TREASURIES-Yields hit multiweek lows on US GDP data, month-end buying

30 May 2015 | Author: | No comments yet »

Treasuries Rise as U.S. Economic Contraction Clouds Fed Outlook.

Just when it looks like the yield on the 10-year U.S. government bond is ready to shoot up like a bottle rocket on the Fourth of July, it comes crashing down to earthly levels near historic lows.Treasuries rose, pushing the 10-year note yield to a three-week low, as revised data showed that the U.S. economy shrank in the first quarter, signaling that the Federal Reserve’s path to higher interest rates is uneven. While there were renewed signals from the central bank that it plans to raise interest rates this year, traders aren’t predicting more than one increase anytime soon and a Morgan Stanley index suggests policy makers won’t act until December.

Treasuries have expanded their yield premium to German government securities, adding to the allure for overseas investors. “Investors sense the rout the Treasury market suffered was mainly technical in nature and represents a fairly decent buying opportunity,” said Christopher Sullivan, who oversees $2.4 billion as chief investment officer at United Nations Federal Credit Union in New York. But even with the Federal Reserve getting ready to pull the trigger on its first short-term interest rate increase since 2006, and pundits continually pointing out there’s no reason for bonds to be trading as if the world is coming to an end, bond investors keep buying U.S. government bonds — pushing yields down.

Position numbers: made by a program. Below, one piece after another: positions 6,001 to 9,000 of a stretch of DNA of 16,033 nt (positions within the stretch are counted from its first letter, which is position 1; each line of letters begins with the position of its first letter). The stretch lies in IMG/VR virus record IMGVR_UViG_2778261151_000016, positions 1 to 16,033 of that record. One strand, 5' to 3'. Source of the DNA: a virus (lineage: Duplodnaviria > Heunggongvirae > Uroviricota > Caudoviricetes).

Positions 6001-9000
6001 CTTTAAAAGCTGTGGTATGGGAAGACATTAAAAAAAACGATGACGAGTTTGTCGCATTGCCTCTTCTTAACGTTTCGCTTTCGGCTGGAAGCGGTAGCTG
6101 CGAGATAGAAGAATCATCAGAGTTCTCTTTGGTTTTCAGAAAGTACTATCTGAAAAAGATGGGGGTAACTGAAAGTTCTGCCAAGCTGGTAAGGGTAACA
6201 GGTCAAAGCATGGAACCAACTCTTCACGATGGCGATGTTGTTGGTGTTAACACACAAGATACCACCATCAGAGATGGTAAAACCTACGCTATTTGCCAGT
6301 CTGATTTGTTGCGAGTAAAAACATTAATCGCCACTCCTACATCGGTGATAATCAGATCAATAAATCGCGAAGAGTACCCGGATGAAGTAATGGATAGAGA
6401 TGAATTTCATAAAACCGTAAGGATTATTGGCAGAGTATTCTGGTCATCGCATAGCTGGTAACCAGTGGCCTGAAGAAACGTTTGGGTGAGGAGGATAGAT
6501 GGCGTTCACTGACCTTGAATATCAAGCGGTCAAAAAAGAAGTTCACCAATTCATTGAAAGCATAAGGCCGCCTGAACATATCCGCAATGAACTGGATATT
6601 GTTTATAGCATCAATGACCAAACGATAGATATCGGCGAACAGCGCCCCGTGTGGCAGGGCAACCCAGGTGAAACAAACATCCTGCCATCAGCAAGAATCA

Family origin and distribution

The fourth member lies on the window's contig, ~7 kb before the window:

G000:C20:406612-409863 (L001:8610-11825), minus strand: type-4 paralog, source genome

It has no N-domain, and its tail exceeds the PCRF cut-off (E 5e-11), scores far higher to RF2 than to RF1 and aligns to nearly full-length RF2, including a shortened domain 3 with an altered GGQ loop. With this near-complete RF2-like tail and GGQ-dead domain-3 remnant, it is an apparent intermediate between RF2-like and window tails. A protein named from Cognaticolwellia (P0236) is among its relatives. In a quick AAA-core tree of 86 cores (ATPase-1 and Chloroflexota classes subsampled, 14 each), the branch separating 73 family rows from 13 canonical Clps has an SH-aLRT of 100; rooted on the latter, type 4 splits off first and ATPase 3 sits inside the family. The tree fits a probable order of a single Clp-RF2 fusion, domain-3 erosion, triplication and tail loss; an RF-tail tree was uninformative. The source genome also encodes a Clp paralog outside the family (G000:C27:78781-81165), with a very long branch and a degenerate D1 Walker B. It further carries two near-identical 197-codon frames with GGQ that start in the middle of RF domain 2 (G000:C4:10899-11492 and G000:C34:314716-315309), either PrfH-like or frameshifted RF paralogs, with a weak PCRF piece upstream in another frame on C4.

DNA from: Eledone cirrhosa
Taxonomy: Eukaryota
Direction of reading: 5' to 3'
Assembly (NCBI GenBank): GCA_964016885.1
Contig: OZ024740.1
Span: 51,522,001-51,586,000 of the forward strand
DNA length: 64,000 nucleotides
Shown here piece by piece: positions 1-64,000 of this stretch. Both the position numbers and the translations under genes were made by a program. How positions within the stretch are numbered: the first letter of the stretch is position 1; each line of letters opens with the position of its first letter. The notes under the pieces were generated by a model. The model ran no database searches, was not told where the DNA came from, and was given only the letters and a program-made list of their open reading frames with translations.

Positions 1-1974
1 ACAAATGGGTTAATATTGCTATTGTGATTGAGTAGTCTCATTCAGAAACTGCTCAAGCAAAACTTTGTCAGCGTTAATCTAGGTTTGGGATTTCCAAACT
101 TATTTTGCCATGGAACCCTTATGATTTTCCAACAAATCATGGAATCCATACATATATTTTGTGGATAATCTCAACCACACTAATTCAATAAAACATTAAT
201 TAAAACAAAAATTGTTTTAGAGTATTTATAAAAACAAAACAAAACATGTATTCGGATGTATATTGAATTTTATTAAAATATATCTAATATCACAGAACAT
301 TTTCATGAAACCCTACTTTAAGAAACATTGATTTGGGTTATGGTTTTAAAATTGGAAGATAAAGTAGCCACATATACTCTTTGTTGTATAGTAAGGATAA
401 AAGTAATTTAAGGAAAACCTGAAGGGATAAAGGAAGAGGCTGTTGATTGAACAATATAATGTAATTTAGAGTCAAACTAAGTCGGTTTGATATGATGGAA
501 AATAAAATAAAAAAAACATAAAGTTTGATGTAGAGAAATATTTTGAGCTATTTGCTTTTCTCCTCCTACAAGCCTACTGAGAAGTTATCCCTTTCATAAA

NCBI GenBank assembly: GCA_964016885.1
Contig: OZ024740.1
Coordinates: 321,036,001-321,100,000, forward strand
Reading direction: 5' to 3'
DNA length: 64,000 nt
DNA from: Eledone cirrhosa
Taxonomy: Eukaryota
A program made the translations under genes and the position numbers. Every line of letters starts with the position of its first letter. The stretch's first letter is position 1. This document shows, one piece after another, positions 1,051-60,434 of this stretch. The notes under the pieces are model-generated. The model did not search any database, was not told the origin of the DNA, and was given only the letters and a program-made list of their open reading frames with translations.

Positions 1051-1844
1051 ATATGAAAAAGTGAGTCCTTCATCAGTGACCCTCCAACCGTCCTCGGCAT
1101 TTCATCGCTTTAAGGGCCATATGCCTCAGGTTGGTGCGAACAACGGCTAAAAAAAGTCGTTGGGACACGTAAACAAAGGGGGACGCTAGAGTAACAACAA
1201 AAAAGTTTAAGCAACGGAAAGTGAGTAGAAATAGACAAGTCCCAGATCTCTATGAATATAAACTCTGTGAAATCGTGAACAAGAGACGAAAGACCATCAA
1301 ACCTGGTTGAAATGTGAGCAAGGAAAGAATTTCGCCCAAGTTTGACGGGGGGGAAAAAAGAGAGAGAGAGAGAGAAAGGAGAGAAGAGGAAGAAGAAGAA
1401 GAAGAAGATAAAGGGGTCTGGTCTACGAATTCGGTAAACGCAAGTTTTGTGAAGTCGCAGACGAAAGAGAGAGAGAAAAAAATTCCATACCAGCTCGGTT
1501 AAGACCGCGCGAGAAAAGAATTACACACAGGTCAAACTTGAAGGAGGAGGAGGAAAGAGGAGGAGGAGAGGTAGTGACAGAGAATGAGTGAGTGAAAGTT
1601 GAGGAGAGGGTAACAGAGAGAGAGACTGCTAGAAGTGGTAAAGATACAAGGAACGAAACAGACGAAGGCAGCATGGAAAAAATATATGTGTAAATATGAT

Money managers who benchmark their bond portfolios to indexes have to align their positions when new bonds are worked into those benchmarks at the close of each month. Aggregate index will extend its duration, which calculates how much prices change when yields rise or fall, by 0.12 year on June 1, compared with a 0.09 year increase in May. “A lot of people didn’t think the data was going to play too much of a factor,” said Edward Acton, a U.S. government-bond strategist at RBS Securities Inc. in Stamford, Connecticut, one of 22 primary dealers that trade with the Fed. “It might be more of a month-end extension story.” Gross domestic product in the U.S. shrank at a 0.7 percent annualized rate, revised from a previously reported 0.2 percent gain.

A swelling trade gap subtracted the most from growth in 30 years as the appreciating dollar caused exports to slump while imports rose following the resolution of labor disputes at West Coast ports. Bond investors look for U.S. economics to regain control of the market in June, as long as eurozone bonds remain calm and ongoing negotiations between Greece and its creditors don’t strike a nerve. But after the weak first-quarter performance, expectations have been pushed back to September and December, while some don’t even see a move until early 2016.

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